My experience at the conference, some very trenchant questions from the audience, A very interesting talk by Ben Adida right after my own, and more matters have got me thinking a lot about Microformats and what those of us whose information consolidation goals are more ambitious might be able to make of them. Watch this space. More to come.

[Uche Ogbuji]

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"XML in Firefox 1.5, Part 2: Basic XML processing"

"XML in Firefox 1.5, Part 2: Basic XML processing"

Subtitle Do a lot with XML in Firefox, but watch out for some basic limitations

Synopsis This second article in the series, "XML in Firefox 1.5," focuses on basic XML processing. Firefox supports XML parsing, Cascading Stylesheets (CSS), and XSLT stylesheets. You also want to be aware of some limitations. In the first article of this series, "XML in Firefox 1.5, Part 1: Overview of XML features," Uche Ogbuji looked briefly at the different XML-related facilities in Firefox.

I also updated part 1 to reflect the FireFox 1.5 final release.

This article is written at an introductory level. The next articles in the series will be more technically in-depth, as I move from plain old generic XML to fancy stuff such as SVG and E4X.

[Uche Ogbuji]

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Semantic hairball, y'all

I'm in San Jose and the Semantic Technology Conference 2006 has just wrapped up. A good time, as always, and very well attended (way up from even last year. This is an extraordinarily well organized conference). But I did want to throw up one impression I got from one of the first talks I went to.

The talk discussed an effort in "convergence" of MDA/UML, RDF/OWL, Web Services and Topic Maps. Apparently all the big committees are involved, from OMG, W3C, ISO, etc. Having been an enthusiastic early adopter in the first three technologies, I was violently struck by the casually side-stepped enormousness of this undertaking. In my view, all four projects had promising roots and were all eventually buried under the weight of their own complexity. And yet the convergence effort that's being touted seems little more sophisticated than balling all these behemoths together. I wonder what's the purpose. I can't imagine the result will be greater adoption for these technologies taken together. Many potential users already ignore them because of the barrier of impenetrable mumbo-jumbo. I can't imagine there would be much cross-pollination within these technologies because without brutal simplification and profiling model mismatches would make it impractical for an application to efficiently cross the bridge from one semantic modeling technology to the other.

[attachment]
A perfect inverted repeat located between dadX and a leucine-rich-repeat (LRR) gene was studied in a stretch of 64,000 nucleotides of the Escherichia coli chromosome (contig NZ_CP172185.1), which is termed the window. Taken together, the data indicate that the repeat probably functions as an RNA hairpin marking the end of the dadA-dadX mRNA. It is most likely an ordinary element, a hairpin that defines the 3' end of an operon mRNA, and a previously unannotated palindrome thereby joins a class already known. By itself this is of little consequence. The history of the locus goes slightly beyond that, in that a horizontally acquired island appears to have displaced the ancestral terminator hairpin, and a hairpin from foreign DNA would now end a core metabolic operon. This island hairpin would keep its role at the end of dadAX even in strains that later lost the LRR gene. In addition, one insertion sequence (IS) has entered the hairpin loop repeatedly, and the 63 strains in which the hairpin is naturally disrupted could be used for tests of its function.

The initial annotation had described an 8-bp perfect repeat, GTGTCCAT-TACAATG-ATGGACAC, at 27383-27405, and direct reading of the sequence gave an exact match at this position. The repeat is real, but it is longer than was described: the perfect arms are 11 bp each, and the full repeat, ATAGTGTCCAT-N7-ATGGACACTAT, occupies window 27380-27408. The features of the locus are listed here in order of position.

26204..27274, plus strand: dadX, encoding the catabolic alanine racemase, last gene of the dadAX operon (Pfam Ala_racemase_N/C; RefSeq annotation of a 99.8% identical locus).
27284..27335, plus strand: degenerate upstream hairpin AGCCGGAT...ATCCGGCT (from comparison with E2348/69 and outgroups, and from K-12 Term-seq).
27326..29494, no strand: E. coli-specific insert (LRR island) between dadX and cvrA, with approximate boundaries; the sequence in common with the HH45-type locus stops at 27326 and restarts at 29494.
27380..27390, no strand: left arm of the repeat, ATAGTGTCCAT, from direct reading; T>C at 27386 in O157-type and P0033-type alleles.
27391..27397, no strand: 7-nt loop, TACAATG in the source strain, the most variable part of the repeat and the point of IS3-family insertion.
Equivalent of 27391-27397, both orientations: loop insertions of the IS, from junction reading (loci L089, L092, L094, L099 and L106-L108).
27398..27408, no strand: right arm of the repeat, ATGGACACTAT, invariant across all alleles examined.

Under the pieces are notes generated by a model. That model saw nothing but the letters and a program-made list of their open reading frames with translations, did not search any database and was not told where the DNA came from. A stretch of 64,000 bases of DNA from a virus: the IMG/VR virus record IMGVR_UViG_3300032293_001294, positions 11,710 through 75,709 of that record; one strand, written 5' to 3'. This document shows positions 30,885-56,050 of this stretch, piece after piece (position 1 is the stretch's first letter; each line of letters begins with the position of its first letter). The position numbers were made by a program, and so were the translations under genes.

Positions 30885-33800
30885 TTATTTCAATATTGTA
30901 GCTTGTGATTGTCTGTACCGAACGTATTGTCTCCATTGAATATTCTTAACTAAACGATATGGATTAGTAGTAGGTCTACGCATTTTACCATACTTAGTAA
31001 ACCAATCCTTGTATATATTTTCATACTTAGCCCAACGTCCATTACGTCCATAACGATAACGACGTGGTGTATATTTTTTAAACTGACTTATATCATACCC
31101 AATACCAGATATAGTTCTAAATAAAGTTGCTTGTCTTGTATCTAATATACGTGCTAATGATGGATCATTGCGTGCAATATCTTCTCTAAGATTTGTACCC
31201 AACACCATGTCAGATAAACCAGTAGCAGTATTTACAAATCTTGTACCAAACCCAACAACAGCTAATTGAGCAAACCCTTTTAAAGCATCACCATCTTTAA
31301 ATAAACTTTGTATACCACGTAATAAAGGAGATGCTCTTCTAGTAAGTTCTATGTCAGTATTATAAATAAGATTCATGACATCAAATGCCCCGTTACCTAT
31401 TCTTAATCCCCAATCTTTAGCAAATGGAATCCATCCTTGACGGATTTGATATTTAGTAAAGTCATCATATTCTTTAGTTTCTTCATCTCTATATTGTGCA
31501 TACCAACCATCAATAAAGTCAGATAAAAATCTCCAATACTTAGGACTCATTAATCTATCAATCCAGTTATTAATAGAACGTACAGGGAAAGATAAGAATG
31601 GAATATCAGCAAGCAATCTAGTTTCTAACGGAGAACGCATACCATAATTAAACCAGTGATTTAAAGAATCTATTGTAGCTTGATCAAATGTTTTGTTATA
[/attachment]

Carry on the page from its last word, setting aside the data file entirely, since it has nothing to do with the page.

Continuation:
I came to this conference to talk about how Microformats might present a slender opportunity for semantic folks to harness the volume of raw material being generated in the Web 2.0 craze. The trade-off is that the Web 2.0 craze produces a huge amount of crap metadata, and someone will have to clean up the mess in the resulting RDF models even if GRDDL is ever deployed widely enough to generate models worth the effort. And let's not even start on the inevitable meltdown of "folksonomies" (I predict formation of a black hole of fundamental crapitational force). I replaced my previous year's talk about how managers of controlled information systems could harness XML schemata for semantic transparency. I think next year I should go back to that. It's quite practical, as I've determined in my consulting experience. I'm not sure hitching information pipelines to Web 2.0 is the least bit practical.

I'm struck by the appearance of two extremes in popular fields of distributed information management (and all you Semantic Technology pooh-pooh-ers would be gob-smacked if you had any idea how deadly seriously Big Business is taking this stuff: it's popular in terms of dollars and cents, even if it's not the gleam in your favorite blogger's eye). On one hand we have the Daedalos committee fastening labyrinth to labyrinth. On the other hand we have the tower of Web 2.0 Babel. We need a mob in the middle to burn 80% of the AI-one-more-time-for-your-mind-magic off of RDF, 80% of the chicago-cluster-consultant-diesel off of MDA, 80% of the toolkit-vendor-flypaper off of Web services. Once the ashes clear, we need folks to build lightweight tools that actually would help with extracting value from distributed information systems without scaring off the non-Ph.D.s. I still think XML is the key, and that XML schema systems should have been addressing semantic transparency from the start, rather than getting tied up in static typing bondage and discipline.